Plan your funeral

Planning a funeral can be an emotional and difficult task after a friend or loved one’s death. It can be helpful for you to plan out details in advance so those you care about won’t have to.

Select a funeral home

First, you should select a funeral home. You can contact the funeral home for more information to ensure it can meet your needs and wishes. Speaking with a funeral director, also known as a mortician, can help you understand the range of services provided from hosting a visitation to ordering a headstone. If you are a veteran, you also might want to see if the funeral director can arrange for military honors to be performed at your service. The funeral director might even be able to help obtain copies of the death certificate. If this is the case, ask what information you need to provide in advance that would be helpful in obtaining it quickly and easily.

Consider the cost

Beyond just considering the services a funeral home can provide, you should also consider the cost. While laws regulate some of what a funeral director does, which present fixed costs, many costs of a funeral are variable. For example, your desire to have a high-end casket or urn, a lengthy visitation, flowers, in memory cards, etc., can increase the price of your funeral services. While it might be difficult to predict, you should think about what the value of your estate might be at death. If you have a concern that there will not be enough money in the estate to cover more expensive options or you want to keep as much money in the estate for your beneficiaries as possible, you should make a mental note of these things as you select services available at a funeral home.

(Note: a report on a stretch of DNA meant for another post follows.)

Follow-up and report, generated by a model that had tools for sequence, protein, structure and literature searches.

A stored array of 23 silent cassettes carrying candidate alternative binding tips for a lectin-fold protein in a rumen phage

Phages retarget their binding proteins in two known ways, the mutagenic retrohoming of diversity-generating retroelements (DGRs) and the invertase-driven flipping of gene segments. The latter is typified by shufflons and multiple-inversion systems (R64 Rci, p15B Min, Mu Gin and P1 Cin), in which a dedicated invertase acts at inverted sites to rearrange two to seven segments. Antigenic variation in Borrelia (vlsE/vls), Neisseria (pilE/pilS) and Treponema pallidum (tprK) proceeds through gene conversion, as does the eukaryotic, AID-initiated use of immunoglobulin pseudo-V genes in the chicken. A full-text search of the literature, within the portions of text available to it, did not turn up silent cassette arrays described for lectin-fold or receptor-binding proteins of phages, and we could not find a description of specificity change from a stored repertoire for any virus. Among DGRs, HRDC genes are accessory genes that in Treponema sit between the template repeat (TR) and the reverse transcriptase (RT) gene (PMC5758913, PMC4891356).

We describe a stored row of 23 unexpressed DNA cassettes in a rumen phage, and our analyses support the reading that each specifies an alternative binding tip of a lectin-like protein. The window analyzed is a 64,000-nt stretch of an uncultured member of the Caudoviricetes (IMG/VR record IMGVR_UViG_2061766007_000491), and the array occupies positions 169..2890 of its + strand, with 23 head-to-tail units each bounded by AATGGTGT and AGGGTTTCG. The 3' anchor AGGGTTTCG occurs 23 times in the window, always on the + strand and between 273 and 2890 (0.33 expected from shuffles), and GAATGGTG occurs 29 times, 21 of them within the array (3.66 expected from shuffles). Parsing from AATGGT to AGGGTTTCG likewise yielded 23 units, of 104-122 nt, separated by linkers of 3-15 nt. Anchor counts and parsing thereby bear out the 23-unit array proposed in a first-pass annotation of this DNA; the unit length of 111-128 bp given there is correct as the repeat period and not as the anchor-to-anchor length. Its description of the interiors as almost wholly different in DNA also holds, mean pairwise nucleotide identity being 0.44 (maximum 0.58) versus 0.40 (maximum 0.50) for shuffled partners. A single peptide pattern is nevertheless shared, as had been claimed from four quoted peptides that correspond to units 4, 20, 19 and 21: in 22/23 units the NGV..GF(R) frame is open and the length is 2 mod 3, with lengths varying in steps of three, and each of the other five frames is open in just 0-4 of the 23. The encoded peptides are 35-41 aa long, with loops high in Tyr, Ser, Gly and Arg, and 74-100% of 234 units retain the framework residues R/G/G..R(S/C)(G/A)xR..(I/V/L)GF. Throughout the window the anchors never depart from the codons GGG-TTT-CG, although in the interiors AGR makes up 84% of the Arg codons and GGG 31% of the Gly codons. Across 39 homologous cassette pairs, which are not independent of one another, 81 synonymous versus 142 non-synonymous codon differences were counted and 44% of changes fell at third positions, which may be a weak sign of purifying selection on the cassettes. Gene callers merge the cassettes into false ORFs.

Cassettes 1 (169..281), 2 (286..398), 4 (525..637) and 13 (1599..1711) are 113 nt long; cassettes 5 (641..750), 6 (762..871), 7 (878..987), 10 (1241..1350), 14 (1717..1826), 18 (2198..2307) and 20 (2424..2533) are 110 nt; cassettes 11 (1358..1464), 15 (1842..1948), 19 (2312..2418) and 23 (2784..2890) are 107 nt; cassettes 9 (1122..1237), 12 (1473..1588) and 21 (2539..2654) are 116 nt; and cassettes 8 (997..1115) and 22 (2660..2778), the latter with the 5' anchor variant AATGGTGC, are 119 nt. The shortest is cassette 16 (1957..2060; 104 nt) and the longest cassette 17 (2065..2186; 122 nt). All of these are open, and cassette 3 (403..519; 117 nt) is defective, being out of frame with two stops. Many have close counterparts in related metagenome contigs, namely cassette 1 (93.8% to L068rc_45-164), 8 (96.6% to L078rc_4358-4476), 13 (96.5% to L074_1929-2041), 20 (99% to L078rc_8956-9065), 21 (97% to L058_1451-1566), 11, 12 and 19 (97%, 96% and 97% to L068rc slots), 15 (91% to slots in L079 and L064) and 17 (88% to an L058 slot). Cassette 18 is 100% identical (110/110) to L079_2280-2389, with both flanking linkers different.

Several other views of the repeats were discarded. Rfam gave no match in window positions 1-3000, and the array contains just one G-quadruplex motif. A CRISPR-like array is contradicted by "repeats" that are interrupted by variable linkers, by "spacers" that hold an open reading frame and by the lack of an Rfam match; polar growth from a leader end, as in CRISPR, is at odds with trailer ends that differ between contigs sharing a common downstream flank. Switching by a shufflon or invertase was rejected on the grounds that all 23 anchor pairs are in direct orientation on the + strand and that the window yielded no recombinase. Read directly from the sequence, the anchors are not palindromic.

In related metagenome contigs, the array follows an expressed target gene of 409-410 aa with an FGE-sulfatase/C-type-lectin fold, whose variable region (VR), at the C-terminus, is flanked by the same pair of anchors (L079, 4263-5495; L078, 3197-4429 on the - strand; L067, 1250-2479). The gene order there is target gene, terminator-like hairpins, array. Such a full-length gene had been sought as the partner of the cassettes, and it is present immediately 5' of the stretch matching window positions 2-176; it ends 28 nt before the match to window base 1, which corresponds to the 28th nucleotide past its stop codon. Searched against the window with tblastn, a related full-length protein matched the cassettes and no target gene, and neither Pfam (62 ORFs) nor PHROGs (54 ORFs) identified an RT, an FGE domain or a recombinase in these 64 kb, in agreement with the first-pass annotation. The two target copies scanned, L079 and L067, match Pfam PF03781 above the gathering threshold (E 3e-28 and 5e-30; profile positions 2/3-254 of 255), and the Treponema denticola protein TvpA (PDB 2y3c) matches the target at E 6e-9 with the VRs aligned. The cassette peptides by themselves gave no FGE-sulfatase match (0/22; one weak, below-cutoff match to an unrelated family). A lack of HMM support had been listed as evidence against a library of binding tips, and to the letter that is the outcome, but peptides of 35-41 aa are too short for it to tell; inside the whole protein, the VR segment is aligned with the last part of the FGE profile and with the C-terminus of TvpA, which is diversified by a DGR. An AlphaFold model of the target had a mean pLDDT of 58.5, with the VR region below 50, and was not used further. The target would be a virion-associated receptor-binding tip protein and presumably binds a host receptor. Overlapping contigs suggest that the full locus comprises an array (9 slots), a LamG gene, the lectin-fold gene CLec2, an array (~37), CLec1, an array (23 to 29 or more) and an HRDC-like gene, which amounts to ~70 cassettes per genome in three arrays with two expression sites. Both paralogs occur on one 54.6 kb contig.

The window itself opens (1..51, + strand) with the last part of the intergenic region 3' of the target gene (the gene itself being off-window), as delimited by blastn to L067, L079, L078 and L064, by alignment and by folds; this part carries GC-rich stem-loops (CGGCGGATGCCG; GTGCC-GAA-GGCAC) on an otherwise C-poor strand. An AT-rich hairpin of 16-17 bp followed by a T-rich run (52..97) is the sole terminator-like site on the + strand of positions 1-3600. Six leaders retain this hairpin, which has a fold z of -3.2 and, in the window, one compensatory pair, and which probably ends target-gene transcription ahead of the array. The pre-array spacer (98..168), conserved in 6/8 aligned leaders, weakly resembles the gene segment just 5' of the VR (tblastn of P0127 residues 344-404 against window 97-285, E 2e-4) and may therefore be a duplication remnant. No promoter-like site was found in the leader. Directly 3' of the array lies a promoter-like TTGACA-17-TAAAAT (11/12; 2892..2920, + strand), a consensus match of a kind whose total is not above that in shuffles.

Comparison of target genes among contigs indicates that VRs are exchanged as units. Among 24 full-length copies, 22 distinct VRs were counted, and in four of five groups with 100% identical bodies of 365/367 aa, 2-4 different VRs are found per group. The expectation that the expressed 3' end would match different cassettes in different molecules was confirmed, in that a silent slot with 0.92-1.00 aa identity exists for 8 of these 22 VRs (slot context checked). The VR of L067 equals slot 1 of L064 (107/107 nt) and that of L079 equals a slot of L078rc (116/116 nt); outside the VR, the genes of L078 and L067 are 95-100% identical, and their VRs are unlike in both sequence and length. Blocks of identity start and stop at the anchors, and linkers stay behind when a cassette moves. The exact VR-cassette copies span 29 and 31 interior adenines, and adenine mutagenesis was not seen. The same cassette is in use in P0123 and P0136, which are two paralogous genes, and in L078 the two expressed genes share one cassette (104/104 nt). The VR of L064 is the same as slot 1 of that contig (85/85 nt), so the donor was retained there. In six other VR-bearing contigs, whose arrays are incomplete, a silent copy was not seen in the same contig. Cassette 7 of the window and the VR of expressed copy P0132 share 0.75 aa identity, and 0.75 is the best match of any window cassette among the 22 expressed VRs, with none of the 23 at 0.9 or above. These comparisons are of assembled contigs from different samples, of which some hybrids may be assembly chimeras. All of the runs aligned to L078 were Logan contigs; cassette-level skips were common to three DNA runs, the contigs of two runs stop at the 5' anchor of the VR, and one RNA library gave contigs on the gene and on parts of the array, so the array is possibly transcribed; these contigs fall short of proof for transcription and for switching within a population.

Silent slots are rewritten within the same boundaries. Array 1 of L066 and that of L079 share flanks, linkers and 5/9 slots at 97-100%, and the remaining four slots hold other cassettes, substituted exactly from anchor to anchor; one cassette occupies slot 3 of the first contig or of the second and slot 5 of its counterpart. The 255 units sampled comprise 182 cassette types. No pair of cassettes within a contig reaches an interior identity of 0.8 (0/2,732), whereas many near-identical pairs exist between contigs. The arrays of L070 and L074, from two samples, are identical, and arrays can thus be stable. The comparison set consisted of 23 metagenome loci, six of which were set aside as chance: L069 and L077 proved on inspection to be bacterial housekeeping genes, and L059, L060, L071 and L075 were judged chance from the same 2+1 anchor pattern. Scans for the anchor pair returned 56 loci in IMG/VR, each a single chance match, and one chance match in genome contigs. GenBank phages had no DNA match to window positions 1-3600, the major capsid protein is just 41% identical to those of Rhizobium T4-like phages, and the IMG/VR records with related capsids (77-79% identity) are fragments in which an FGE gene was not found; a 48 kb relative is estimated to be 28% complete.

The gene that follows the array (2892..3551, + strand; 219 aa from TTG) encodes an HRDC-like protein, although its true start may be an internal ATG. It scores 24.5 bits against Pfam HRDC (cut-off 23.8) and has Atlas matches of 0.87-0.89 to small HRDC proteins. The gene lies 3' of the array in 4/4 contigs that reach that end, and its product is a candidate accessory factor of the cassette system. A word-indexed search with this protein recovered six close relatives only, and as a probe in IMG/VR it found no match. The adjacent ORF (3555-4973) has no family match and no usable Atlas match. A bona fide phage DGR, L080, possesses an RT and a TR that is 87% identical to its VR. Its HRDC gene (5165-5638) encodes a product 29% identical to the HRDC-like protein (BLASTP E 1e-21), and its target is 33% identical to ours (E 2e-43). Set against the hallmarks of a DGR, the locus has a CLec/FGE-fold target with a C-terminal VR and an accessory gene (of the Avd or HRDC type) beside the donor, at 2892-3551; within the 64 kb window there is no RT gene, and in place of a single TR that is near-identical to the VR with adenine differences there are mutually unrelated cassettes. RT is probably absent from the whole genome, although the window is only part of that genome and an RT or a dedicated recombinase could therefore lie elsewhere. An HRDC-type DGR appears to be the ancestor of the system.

As you meet with the funeral director, you also should discuss payment options. Will the funeral home bill the estate and accept payment when the estate is closed? Will payment need to be made relatively quickly then reimbursed by the estate? You might even consider pre-paying for particular services. If you do, be sure you get a contract outlining what you are paying for and a receipt of payment. You should let your executor and family or friends know that you’ve pre-paid and keep the documentation filed in a safe place they can access easily.

Decide on burial/cremation details

Now that you have information from a funeral director on the variety of services offered, you need to make some decisions about these services. For each decision you make, you should write your wishes down and tell your loved ones where they can find these details.

You should decide whether you want to be buried or cremated. If there are religious or cultural mandates surrounding the handling of your body, you should be explicit as to what they are or who should be contacted to ensure they are properly performed. If you want to participate in organ donation programs or would like your body used for medical research, you should convey these wishes, too. If there are any necessary organizations you need to contact regarding these wishes, you should research that now to get the necessary information recorded and filed for your records.

Pick a final resting place